- A.N. Other and NHSA Webmaster
- History - WW2
- RAN Ships
- None noted.
- June 1998 edition of the Naval Historical Review (all rights reserved)
From December 7, 1941 to August 15, 1945, American shipyards constructed 10 battleships, 13 heavy cruisers, 33 light cruisers, 27 aircraft carriers, 110 escort aircraft carriers, 352 destroyers, 498 destroyer escorts, 203 submarines and 109,642 small vessels (patrol boats, minesweepers, minelayers and landing craft), totalling nine million tons. To these figures the 35 million tons of merchant ships built and launched in the same period should be added.
From June 1940 until the Japanese surrender more than 300,000 aircraft were built; the average weight of each plane rose during the course of the war from two tons to five tons. In that same period the United States produced 86,333 tanks, 104,891 armoured cars, 12.5 million rifles and machine guns, 2.6 million automatic cannon, 800,000 artillery pieces (of which 216,000 were heavy and 50,000 motorised) and 2.5 million trucks.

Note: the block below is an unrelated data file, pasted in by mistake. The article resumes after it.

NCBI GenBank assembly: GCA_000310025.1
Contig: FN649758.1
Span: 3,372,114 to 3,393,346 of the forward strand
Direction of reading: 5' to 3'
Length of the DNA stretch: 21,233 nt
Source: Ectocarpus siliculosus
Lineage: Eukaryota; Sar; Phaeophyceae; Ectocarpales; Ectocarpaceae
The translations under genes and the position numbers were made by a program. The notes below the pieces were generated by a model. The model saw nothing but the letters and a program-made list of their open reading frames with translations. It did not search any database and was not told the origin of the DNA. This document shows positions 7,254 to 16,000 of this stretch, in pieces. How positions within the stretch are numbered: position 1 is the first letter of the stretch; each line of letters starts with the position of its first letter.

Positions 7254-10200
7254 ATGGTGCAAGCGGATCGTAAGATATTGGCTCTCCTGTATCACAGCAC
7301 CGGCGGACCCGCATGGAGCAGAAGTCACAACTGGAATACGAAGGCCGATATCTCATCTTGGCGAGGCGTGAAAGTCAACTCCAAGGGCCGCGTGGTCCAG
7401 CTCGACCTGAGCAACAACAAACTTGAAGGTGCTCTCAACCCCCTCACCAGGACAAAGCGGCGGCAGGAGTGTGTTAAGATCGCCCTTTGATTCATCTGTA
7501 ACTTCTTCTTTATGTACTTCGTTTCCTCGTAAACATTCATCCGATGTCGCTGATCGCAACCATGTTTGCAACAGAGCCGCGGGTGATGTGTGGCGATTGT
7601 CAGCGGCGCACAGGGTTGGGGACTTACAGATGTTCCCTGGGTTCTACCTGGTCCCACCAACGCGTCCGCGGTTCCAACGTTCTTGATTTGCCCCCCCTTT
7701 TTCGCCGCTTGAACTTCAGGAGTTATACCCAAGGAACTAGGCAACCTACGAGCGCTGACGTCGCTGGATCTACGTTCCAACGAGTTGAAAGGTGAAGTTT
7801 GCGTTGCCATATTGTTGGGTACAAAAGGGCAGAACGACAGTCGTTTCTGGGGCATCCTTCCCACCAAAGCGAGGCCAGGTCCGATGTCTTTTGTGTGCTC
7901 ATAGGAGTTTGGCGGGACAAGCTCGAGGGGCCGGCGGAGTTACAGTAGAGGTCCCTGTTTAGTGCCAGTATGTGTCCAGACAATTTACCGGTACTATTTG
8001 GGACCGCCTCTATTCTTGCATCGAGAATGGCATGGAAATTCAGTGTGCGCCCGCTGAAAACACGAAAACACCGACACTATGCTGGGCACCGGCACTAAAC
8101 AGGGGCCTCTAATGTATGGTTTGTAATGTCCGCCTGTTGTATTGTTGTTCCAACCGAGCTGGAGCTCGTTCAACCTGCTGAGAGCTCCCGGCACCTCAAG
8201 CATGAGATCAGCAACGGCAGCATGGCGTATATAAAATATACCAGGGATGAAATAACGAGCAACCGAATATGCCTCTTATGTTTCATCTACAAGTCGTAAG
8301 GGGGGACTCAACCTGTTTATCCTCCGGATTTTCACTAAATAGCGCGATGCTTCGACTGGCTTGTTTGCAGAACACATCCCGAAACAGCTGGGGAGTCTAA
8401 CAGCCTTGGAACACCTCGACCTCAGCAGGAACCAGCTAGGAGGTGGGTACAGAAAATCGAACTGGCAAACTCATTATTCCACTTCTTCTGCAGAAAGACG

In three years of operation, the battleship North Carolina sailed 260,000 miles, a distance equal to 10 circumnavigations of the globe, without a single pause for repairs.
In 1939 regular American forces totalled 500,000 men, including 241,000 in the Army comprising five activated divisions. Under the genius of Gen. George C. Marshall, the three branches of the US armed forces reached a strength of 12 million, including servicewomen, by 1945. US ground forces reached a strength of 89 divisions, 16 armoured and 15 airborne, plus six Marine divisions by the end of the war.
In 1941, the Japanese Admiral YAMAMOTO was well aware of this mighty American potential. He warned his military countrymen, but found himself “a voice crying in the wilderness”. When his Emperor followed (under pressure?) the advice of his predominately army advisers and “let slip the dogs of war”, YAMAMOTO a true professional, accepted the decision and did his best for his country.